Ph.D. University of British Columbia, 1975
Areas of Focus:
Peter Beckmann was born and raised in the lumber mills and hockey rinks of New Westminster, near Vancouver, British Columbia, Canada. He did his B.Sc., M.Sc., and Ph.D. in the Physics Department at the University of British Columbia. His principal thesis work involved using gas phase nuclear magnetic resonance relaxation techniques to better understand the quantum mechanical rotational structure of the methane molecule and the effects of collisions. He did a Postdoctoral Fellowship in Nottingham, England where he looked for Robin Hood and Maid Marian and studied the quantum mechanical tunneling of intramolecular atomic groups at low temperatures using electron spin and nuclear spin relaxation techniques. He joined the Physics Department at Bryn Mawr College in 1977 where he studies the relationship between structure and motion in solids using solid state nuclear spin-lattice relaxation techniques. He also enjoys teaching at both the graduate and undergraduate levels. When he is not teaching or doing research, he can be found in a local pub drinking Guinness and watching hockey games.
Current Research Interests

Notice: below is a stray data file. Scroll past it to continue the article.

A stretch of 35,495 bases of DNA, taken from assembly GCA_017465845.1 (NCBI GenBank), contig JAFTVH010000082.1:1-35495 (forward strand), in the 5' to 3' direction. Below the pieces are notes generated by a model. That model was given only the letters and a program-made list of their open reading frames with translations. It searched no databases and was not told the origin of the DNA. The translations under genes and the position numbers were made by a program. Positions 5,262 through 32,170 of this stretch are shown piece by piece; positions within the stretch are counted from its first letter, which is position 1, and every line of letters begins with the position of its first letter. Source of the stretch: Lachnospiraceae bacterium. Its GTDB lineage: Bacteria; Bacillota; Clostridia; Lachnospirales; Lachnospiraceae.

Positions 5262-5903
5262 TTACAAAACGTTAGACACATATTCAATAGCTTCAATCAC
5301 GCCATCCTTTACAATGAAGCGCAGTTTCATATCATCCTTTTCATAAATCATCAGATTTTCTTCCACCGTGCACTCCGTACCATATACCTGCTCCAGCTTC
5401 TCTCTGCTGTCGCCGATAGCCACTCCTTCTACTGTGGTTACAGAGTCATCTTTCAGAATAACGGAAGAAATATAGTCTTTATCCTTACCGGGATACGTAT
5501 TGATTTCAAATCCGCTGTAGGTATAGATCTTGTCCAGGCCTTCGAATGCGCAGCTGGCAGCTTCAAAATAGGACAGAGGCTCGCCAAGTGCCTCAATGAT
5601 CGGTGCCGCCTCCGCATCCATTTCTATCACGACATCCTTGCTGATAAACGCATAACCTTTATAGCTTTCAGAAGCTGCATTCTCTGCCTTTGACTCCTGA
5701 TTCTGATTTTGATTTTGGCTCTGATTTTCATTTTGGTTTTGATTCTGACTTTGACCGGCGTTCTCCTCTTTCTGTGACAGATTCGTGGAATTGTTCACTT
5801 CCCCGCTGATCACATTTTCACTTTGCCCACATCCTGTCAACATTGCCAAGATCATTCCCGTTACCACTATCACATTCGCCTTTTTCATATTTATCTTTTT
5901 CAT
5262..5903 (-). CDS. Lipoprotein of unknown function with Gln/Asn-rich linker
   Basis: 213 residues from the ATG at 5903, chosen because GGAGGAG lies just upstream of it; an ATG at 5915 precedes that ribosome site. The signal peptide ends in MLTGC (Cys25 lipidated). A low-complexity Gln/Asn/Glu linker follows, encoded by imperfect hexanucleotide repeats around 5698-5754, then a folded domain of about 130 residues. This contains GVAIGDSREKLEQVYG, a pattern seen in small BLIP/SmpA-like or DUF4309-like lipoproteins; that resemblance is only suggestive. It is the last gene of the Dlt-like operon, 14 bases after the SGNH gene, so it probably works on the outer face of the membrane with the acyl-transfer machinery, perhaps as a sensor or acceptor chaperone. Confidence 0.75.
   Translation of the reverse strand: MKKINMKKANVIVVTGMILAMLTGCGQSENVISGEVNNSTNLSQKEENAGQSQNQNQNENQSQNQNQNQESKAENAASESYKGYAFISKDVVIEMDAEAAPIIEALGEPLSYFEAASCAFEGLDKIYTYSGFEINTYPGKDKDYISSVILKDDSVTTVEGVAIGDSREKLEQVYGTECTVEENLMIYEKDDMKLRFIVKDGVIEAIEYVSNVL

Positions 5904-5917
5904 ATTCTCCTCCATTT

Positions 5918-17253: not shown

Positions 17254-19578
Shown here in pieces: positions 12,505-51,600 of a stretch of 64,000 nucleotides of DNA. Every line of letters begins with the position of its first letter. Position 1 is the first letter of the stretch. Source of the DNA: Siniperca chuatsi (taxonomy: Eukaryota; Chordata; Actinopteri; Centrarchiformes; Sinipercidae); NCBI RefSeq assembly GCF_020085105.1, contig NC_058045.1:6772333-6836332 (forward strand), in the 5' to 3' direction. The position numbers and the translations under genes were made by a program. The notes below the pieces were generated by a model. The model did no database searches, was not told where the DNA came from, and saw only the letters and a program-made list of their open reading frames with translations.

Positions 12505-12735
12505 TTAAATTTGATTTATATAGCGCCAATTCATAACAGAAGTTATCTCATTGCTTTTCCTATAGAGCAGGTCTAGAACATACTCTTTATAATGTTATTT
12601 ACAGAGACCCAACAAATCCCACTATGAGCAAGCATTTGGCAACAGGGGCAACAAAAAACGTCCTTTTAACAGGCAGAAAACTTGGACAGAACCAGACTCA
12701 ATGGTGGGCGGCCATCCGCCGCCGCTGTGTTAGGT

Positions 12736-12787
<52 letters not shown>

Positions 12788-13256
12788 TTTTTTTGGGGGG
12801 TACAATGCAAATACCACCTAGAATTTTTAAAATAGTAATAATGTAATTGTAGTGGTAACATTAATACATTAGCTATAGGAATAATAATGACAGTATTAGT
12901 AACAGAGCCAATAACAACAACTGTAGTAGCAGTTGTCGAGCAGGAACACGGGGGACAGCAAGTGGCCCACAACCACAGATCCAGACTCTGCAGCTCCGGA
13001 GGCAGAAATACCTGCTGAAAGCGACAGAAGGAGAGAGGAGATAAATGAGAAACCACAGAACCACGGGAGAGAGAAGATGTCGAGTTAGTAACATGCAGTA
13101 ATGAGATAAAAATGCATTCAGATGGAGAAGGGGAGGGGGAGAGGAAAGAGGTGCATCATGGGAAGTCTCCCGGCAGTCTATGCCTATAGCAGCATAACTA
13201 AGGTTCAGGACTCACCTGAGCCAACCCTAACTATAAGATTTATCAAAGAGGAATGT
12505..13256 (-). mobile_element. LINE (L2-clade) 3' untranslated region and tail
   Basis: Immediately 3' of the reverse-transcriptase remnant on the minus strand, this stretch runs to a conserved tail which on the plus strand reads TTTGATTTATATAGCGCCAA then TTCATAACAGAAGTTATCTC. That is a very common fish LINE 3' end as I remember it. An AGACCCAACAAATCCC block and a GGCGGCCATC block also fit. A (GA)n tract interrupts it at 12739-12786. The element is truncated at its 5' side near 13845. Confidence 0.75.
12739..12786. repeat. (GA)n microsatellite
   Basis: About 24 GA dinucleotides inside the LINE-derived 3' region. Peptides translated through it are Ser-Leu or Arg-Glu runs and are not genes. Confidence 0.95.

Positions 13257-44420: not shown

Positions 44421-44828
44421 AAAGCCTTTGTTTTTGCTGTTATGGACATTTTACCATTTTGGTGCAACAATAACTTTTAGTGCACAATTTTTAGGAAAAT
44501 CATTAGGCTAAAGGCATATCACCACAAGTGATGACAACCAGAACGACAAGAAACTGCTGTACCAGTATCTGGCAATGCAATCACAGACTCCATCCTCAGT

In the Physics Department at Bryn Mawr College we study intramolecular rotation of methyl (CH3) and fluoromethyl (CF3) groups in organic van der Waals solids. We perform variable-temperature (77–370 K) and variable-frequency (8.50, 22.5, and 53.0 MHz) solid state 1H (proton) and 19F (fluorine) nuclear magnetic resonance (NMR) spin-lattice relaxation experiments to investigate intramolecular motion in these systems. When both F and H atoms are present in a compound, we can exploit the complex interactions between unlike spin-½ particles using both 1H and 19F NMR relaxation. We also study the complex, geared, and superimposed motions of tertiarybutyl groups [C(CH3)3] and their constituent CH3 groups. The distinguishing feature of the experiments is the very low NMR frequencies needed in the nuclear spin relaxation experiments to investigate the motions. The goal is to develop complete and consistent molecule-independent models for the intramolecular motions in these systems and determine how these motions relate to the molecular and crystal structure. Our work is complemented by the work of others doing compound synthesis and purification, electronic structure calculations, field emission scanning electron microscopy, single-crystal X-ray diffraction, powder x-ray diffraction, differential scanning calorimetry, and high-resolution 1H and 19F NMR spectroscopy.